How I wrote in 2020📄📄
I have always liked to know how any one goes about doing their work, whatever that work may be. A tour of Nick Offerman’s woodshop? Yes please! Patrick Rothfuss walking through his writing process in his “work house”? I’ll stop whatever I’m doing and watch that.
The process of writing has always held a special mystique for me – dictionaries and typewriters, fountain pens and IBM keyboards, Microsoft Word and Scrivener each are with their own flavor and intrigue. 2020 marked a big change in how I do my writing and so as we come to the end of this year I thought I’d lay out for posterity how I wrote in 2020.
Up until now I wrote with a combination of physical and digital means - using primarily the iOS/MacOS app Bear, the old classic Microsoft Word, and various legal pads and journals with a fountain pen (or any writing instrument near to hand). I still split myself between physical and digital methods although I have found myself moving more and more to the digital.
Without further ado here is the list:
My physical writing methods haven’t drastically changed in 2020, the exception is that after attempting various ways to digitally organize myself, I’m recommitting to using physical methods to organize myself.
I need something to keep me organized and I’ve found that by separating that system from a digital space I actually use it more and use it for the things that I need help with. I love neat software as much as the next person, but sometimes a pen and paper is the best. I write in my bullet journal with a variety of fountain pens and inks (Usually Noodler Ink) in a dotted notebook from Leuchtturm1917.
I also sometimes like to use physical writing for my creative poetry writing, sometimes this ends up in the Bullet Journal (that’s part of the reason I love the Bullet Journal system, it’s intentionally flexible) and sometimes it ends up on whatever scrap of paper is closest.
This is what’s changed the most in 2020 as I have immersed myself in the world of digital gardens and hypertext thinking. Back in April I rewrote this website adding a selection of public-facing notes, and creating different systems for content to surface and connect. Bidirectional links and transclusion are key features of this rewrite and are at the heart of the tools that I have started to use to write.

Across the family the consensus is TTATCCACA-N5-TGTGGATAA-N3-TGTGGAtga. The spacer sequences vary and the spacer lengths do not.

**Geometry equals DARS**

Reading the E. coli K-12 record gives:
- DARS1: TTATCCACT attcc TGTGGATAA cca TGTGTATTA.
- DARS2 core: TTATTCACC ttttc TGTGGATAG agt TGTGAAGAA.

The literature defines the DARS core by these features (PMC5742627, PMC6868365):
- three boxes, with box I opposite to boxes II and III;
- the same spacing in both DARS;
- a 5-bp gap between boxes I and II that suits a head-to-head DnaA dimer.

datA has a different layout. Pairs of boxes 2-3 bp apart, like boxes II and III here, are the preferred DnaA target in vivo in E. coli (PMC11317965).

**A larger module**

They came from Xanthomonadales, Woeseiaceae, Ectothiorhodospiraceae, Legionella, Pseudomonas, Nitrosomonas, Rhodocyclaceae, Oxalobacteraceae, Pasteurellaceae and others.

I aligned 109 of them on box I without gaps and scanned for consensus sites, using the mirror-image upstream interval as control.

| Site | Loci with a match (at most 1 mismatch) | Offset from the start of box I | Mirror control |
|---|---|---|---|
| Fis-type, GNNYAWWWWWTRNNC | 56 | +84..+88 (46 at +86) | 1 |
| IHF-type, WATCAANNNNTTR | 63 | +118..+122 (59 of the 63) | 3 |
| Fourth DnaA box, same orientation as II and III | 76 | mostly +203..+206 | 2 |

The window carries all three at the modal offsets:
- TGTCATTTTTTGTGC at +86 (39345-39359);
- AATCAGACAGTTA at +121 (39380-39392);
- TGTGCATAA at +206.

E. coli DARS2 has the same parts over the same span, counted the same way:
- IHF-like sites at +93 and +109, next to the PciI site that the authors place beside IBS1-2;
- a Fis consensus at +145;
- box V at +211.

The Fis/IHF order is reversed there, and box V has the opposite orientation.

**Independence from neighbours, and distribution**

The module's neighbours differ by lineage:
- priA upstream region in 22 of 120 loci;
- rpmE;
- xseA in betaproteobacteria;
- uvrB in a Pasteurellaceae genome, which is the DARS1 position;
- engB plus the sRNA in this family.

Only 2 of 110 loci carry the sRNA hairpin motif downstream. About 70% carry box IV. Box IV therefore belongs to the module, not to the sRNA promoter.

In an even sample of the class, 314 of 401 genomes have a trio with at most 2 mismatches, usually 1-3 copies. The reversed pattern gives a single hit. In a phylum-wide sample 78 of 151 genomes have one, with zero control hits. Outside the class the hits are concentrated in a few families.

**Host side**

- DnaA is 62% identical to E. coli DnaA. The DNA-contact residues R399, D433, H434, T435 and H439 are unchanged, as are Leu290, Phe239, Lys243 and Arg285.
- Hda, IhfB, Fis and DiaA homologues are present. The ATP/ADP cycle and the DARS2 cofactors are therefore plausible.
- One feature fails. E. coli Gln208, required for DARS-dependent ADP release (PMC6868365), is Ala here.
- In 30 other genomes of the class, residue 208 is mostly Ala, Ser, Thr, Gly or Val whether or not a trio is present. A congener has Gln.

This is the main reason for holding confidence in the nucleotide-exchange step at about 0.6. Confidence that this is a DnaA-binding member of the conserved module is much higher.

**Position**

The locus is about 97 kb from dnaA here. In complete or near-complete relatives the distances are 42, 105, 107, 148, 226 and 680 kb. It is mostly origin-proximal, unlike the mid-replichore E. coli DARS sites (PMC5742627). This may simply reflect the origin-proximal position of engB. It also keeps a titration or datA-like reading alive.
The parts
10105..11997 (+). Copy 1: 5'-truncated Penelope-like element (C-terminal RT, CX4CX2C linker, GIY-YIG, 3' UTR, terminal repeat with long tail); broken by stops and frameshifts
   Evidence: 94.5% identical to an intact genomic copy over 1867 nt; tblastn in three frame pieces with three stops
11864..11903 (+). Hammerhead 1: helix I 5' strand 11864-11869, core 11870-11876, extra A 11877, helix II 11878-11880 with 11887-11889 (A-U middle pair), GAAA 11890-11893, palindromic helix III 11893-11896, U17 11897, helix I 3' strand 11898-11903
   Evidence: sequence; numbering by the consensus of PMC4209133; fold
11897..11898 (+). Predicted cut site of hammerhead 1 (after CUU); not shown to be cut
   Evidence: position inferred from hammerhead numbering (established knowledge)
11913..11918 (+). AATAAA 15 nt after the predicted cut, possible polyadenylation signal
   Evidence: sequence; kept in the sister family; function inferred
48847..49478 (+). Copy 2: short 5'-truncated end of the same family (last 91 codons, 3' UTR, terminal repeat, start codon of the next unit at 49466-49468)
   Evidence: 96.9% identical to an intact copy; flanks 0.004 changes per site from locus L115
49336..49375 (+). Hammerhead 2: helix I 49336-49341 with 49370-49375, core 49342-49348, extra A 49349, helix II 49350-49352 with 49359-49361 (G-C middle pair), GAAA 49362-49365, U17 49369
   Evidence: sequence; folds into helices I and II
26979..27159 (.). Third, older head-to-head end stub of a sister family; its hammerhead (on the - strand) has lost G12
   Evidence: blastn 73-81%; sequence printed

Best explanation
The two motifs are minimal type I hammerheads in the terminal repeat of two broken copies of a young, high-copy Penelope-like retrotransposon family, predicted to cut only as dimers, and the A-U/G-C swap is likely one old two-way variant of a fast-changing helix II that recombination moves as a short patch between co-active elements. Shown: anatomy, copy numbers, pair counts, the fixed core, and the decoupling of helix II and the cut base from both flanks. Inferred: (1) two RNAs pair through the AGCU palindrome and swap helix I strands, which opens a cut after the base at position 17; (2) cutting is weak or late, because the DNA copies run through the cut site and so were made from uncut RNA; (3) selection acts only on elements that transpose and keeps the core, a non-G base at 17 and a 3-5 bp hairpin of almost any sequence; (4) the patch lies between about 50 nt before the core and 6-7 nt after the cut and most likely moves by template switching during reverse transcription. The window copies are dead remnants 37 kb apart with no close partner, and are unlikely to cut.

I do the majority of my long form writing in a text editor called Emacs. Emacs at its core is a text editor, but it is also an Operating System – a foundation on which hackers have built every functionality imaginable. Two of those powerful extensions to Emacs are Org-Mode and Org-Roam.
Org-Mode is a markup language built for Emacs that can be easily exported to a variety of formats – markdown, PDF, Microsoft Word. The advantage of using Org-Mode is it allows me to store all of my notes, writing, or even poems in a plain text format that is easilly transferrable or sharable. For articles like this one I will write it in Emacs and then export it to markdown when I’m ready to publish it on my website.
Org-Roam is an extension of Org-Mode in Emacs that adds bidirectional links and allows neat things like graphs of my notes allowing me to explore how ideas interrelate. In 2020 I took most of my notes in Emacs using Org-Roam.
As a tinkerer I also like to have ownership of my tools and Emacs allows me to tinker and tweak to my heart’s content.
Org-Roam isn’t the only new software I worked into my writing workflow in 2020, Obsidian is another tool that takes advantage of bidirectional links, the big difference is that instead of org files Obsidian works with markdown files and markdown files are what run this website. I have found Obsidian to be an easy way to quickly add to my public notes.
I use a Code Keyboard with Cherry MX Clear switches. This keyboard has served me well and I have no complaints, although I have missed having a 10-key.
I also started using a program called karabiner that allows me to remap my left shift and right shift to backspace and delete when I tap them, but not when I hold them.
That is how I wrote in 2020. I definitely have made my writing process far more technical, but if you’re still interested you can read some more of how I thought about writing in 2020 check out my articles The Best Context Aware Link is You or Hypertext Writing.